As software developers, we develop habits that allow us to build products that work and do not fail under stress. Every software developer knows what an "off-by-one" error is, and like the Karate Kid, we train extensively so we can avoid those traps. We learn how to avoid these and other similar software problems and we sharpen our skills to find logic errors.
As we mature as developers, finding logic errors and incomplete solutions becomes our way of life. It defines us.
But our engineering strength is also our social weakness. Countless times as engineers you will find yourself interrupting someone telling a story, an anecdote or a joke to correct a false assumption, provide an extra fact that the narrator overlooked, give a bigger perspective on the problem or point out that the joke premise is actually flawed.
You can identify this behavior because the person interrupting usually starts with the phrase "Well, actually...".
As a kid, I thought this was my strength. I knew a little bit more than my sister. So whenever she would say something, I would quickly interject something like "Well, actually, the origin of the word Shih Tzu means Lion Dog and has nothing to do with the dog's digestive patterns".
Yes, I was really fun to hang out with.
As a child, I wondered why my sister could make friends and keep them so easily, while I could not. It would take me years to discover this. And now, as a public service I am sharing with you, my fellow geek friends, what I learned.
Whoever pulls a "well, actually" almost always shifts the conversation to himself. And now we are no longer following along with your friend's joke, we get to learn how much more you know about the limitations of the Sun Protection Factor scale in sunblock products.
As a seasoned engineer, you need to learn control your impulses. Having dealt with my own well, actually problem, I can attest that adjusting this social behavior might even get you laid.
Jokes are funny because they surprise us. But a joke is not funny if you have to present a 30-page document setting up every little detail. An ill-placed "Well, actually" will get your colleagues to abandon in an instant the water cooler conversation and escape to the peaceful solitude of their workstations.
You can find full-time well-actually folks both in person or monitoring your every quip on twitter.
Even the most rudimentary of the well-actuallistas is able to spoil even the best Ricky Gervais material.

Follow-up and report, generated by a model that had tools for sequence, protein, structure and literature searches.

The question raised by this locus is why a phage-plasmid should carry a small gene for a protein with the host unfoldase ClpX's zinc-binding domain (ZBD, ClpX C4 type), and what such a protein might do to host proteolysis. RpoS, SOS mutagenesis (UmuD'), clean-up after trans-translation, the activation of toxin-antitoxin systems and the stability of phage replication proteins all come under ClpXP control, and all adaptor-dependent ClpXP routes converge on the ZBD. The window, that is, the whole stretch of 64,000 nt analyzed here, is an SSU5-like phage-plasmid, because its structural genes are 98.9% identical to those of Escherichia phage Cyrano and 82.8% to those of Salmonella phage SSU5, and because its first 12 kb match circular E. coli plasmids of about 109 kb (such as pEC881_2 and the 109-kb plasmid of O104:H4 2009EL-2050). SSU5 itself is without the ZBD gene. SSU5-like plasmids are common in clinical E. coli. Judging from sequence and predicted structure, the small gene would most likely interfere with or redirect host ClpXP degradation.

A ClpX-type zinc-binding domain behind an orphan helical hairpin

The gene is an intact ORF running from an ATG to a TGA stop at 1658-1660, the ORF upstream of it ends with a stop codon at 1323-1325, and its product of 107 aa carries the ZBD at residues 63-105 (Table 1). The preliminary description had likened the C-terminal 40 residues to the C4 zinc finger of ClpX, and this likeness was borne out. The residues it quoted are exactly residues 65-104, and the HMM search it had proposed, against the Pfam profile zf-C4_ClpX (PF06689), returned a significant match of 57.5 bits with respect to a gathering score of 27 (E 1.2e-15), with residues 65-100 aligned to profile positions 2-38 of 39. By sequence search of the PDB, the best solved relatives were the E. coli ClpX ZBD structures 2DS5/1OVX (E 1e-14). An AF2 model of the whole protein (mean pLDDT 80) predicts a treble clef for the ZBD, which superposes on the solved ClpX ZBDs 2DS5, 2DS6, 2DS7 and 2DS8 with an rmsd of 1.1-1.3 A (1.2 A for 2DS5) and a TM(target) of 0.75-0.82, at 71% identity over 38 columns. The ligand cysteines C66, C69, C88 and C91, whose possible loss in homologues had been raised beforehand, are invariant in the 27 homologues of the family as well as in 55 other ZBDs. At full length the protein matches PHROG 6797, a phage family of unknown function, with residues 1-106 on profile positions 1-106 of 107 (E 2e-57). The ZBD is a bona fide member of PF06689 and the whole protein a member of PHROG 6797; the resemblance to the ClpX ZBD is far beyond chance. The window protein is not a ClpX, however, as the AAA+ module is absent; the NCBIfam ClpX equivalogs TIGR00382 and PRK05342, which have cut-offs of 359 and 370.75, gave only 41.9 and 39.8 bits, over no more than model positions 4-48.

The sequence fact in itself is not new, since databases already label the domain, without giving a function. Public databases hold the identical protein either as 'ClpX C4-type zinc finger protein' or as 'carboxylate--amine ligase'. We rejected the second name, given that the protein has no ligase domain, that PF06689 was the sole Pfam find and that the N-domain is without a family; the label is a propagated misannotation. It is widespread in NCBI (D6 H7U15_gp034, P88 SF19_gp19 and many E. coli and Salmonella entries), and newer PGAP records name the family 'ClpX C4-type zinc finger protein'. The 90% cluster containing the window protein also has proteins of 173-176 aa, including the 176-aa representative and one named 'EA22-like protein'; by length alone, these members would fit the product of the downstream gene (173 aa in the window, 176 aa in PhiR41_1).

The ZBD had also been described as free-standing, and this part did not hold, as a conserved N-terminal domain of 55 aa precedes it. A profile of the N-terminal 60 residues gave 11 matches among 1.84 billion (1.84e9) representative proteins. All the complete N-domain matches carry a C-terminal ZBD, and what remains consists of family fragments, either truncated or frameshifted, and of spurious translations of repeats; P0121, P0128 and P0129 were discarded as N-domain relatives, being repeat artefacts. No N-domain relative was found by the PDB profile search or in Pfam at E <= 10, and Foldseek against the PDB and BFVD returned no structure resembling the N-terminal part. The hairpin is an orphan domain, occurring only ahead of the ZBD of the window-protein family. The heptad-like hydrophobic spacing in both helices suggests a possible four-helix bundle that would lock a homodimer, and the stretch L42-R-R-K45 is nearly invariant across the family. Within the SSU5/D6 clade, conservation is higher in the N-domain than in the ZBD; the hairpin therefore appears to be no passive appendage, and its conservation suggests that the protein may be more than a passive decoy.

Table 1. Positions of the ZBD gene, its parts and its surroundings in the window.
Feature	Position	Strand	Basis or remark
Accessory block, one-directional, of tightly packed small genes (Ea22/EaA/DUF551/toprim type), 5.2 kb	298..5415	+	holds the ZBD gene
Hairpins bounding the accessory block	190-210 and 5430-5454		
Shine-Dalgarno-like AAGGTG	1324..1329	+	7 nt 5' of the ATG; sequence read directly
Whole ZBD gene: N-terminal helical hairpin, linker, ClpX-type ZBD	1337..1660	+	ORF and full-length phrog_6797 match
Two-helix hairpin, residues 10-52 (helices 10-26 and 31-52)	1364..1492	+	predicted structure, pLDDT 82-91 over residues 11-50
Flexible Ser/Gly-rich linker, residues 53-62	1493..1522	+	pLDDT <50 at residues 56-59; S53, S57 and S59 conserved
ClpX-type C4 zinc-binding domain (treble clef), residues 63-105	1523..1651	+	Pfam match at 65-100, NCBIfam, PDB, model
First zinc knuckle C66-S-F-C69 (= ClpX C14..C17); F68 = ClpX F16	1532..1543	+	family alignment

Twitter being a medium limited to 140 character is like catnip for patronizing douchebags. They can not resist the urge to point out logic flaws in your minimalist observation.
This is particularly a problem for those of us that love to tweet things that amuse us or that we find amusing. Fear of a barrage of factoids from an omitted detail can be paralyzing.
The well-actually crowd wants as much as everyone else to participate in the conversation. They want to be loved.
But instead of rolling with the punches and participating in a brainstorm of ideas and exploding humor, they contribute interruptions, facts and details that merely produce stop energy on an ongoing discussion. They turn the center of attention towards them.
The well-actually crowd means well. They want to be loved, they just have not realized that they are undermining their own quest for friends.
If you are a sagacious well-actuallista you need to understand that you are not outwitting anyone. It takes more intelligence to build a joke, tell a funny anecdote or narrate a gripping story than it takes to nitpick.
You are not impressing anyone with your hard earned encyclopedic knowledge that you obtained by spending hours on the Internet. You are just making everyone around you realize that you are as much fun to have lunch with as a flaming turd in a bag.
Those of us in the receiving end of a well-actually, need to start an awareness campaign. Perhaps using Twibbons to cure this disease. Unlike many diseases, this awareness program will lead to a cure.
While being technically correct is the best kind of correct, what you don't realize is that while you enjoy the triumph of your well-actually, everyone around you is secretly hoping that you choke on a bucket of cocks.
In the office, we have lots of talented engineers and at one point or another one of us will interject a well placed "well, actually" at an innapropriate moment.
These days we are fully aware of this social disease and we strive to avoid it. When someone interrupts a discussion with a well-actually you can hear someone say:
"Did you just well-actually me?"
Which is basically a way of saying "That has nothing to do with the topic, but thanks for derailing us" without having to go into the explanation and getting lost on the tangent.
This is a good first step. In our case, we have printed copies of the Ok, It's Time To Explain Some Stuff Patronizing Douchebag Trollcat in two sizes: a full-size well-actually cat, and a small one that is given as an award to the douchiest interruption:
On the Internet, you can try to point the patronizing douchebag to this blog post. Or if you have no patience, just click "block" on twitter.
Posted on 17 Feb 2011